When a cataract surgery patient has astigmatism that needs to be addressed, surgeons have come to trust either corneal incisions, laser vision correction or a combination of the two as effective treatments. Late last year, however, the U.S. Food and Drug Administration approved Alcon's AcrySof toric intraocular lens. Though the lens isn't yet available for Medicare patients due to reimbursement issues, it's possible that it eventually will be, in a manner similar to the way surgeons handle Alcon's ReStor and AMO's ReZoom reimbursement. In anticipation of that possibility, physicians are considering how this new option might fit into their astigmatism treatment protocol for cataract patients. Here's how some of them might proceed, and the issues they say are important.

AcrySof Toric's Background

To get an idea of the data surgeons will base their treatment decisions on, here's a review of how the AcrySof Toric performed in its FDA clinical trial. In the study, 494 subjects received a lens in their first operative eye. Of these, 250 received an AcrySof SA60AT to act as controls, and 244 received a toric AcrySof.

There are three models currently approved, each with a different level of correction: the T3 (1.5 D cylinder power; 1.03 D cylinder correction at the corneal plane); T4 (2.25 D cylinder power; 1.55 D cylinder correction at the corneal plane); and T5 (3 D cylinder power; 2.06 D cylinder correction at the corneal plane). In the study, 123 patients received a T3, 67 got a T4 and 54 received T5s.

The AcrySof toric IOL could give surgeons more flexibility in dealing with pre-existing astigmatism.

Each of the models was three times more likely than a conventional AcrySof control lens to achieve residual cylinder of 0.5 D or less. In terms of uncorrected acuity, 38 percent of the toric patients saw 20/20 or better, compared to 19 percent of the controls, and 94 percent saw at least 20/40 vs. 77 percent of the control eyes.

With the T3 aimed at correcting less than 1.5 D of astigmatism, there was a 62-percent mean change in cylinder from baseline levels (SD: 38 percent). For an intended cylindrical correction of between 1.51 D and 2 D using the T4, there was a 55-percent average change (SD: 33 percent); and for intended cylindrical corrections over 2 D for which the T5 was used, there was a mean cylinder change of 68 percent (SD: 25 percent).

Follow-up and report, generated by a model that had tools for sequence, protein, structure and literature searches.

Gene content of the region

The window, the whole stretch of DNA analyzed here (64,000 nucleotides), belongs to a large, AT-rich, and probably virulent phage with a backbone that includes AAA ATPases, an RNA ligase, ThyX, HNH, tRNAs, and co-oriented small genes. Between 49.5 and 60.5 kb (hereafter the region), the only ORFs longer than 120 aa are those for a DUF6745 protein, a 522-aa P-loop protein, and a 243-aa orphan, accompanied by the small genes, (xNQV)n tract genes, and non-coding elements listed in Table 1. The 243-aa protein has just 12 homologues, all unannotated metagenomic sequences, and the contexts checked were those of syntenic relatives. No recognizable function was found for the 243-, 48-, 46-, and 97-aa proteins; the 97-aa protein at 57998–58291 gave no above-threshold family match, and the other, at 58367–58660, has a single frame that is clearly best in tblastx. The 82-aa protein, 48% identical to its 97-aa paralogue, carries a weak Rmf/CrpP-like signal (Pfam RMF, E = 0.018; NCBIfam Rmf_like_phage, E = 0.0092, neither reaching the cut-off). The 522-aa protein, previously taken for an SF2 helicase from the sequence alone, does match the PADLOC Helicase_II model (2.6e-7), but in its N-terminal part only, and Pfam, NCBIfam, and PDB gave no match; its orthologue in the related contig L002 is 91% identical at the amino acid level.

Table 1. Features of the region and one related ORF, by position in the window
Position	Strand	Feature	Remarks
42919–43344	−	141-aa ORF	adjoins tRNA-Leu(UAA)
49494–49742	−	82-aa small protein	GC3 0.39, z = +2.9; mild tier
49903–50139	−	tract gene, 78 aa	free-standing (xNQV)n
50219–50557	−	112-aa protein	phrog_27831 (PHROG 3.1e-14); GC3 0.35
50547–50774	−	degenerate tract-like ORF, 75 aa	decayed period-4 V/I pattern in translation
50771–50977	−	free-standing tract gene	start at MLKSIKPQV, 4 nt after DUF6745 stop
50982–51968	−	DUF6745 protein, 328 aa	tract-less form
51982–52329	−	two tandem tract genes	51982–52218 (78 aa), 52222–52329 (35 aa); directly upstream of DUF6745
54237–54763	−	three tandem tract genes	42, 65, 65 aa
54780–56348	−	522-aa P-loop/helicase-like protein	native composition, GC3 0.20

The other aspect of toric lenses that surgeons are concerned about is rotational stability, since the efficacy of the lens decreases the farther it rotates off of the correct axis. In the study, immediately postop, the mean difference between the intended axis and the achieved was 0.4 ±1.4 degrees. This figure defines how easy or hard it is for the surgeon to get the axis correct. Over the first four to six months postop, 81 percent rotated by 5 degrees or less, and 97 percent rotated by 10 degrees or less.

Astigmatism Protocols

Surgeons say they would probably make a place for the toric lens in their approach to cataract patients, with some caveats.

"If I have a patient in the range of 0.5 D to 2 D of cylinder, and probably 30 to 40 percent of patients fall in this range, in the past I've used limbal relaxing incisions for him," says Minneapolis surgeon David Hardten. "Though, by LRI I mean essentially a 9-mm astigmatic keratotomy, rather than an 11-mm at-the-limbus relaxing incision. I choose this AK because I think it's still pretty safe, you don't have to do as long an arc, and most of the time you get pretty close to the astigmatic effect you want, usually up to 1.5 D or so." He says for patients with 0.5 D or less of cylinder, he doesn't do anything other than make sure he doesn't increase the astigmatism with his cataract incision. "Most of the 2.5- to 3-mm incisions don't do much to induce, worsen or control astigmatism," says Dr. Hardten.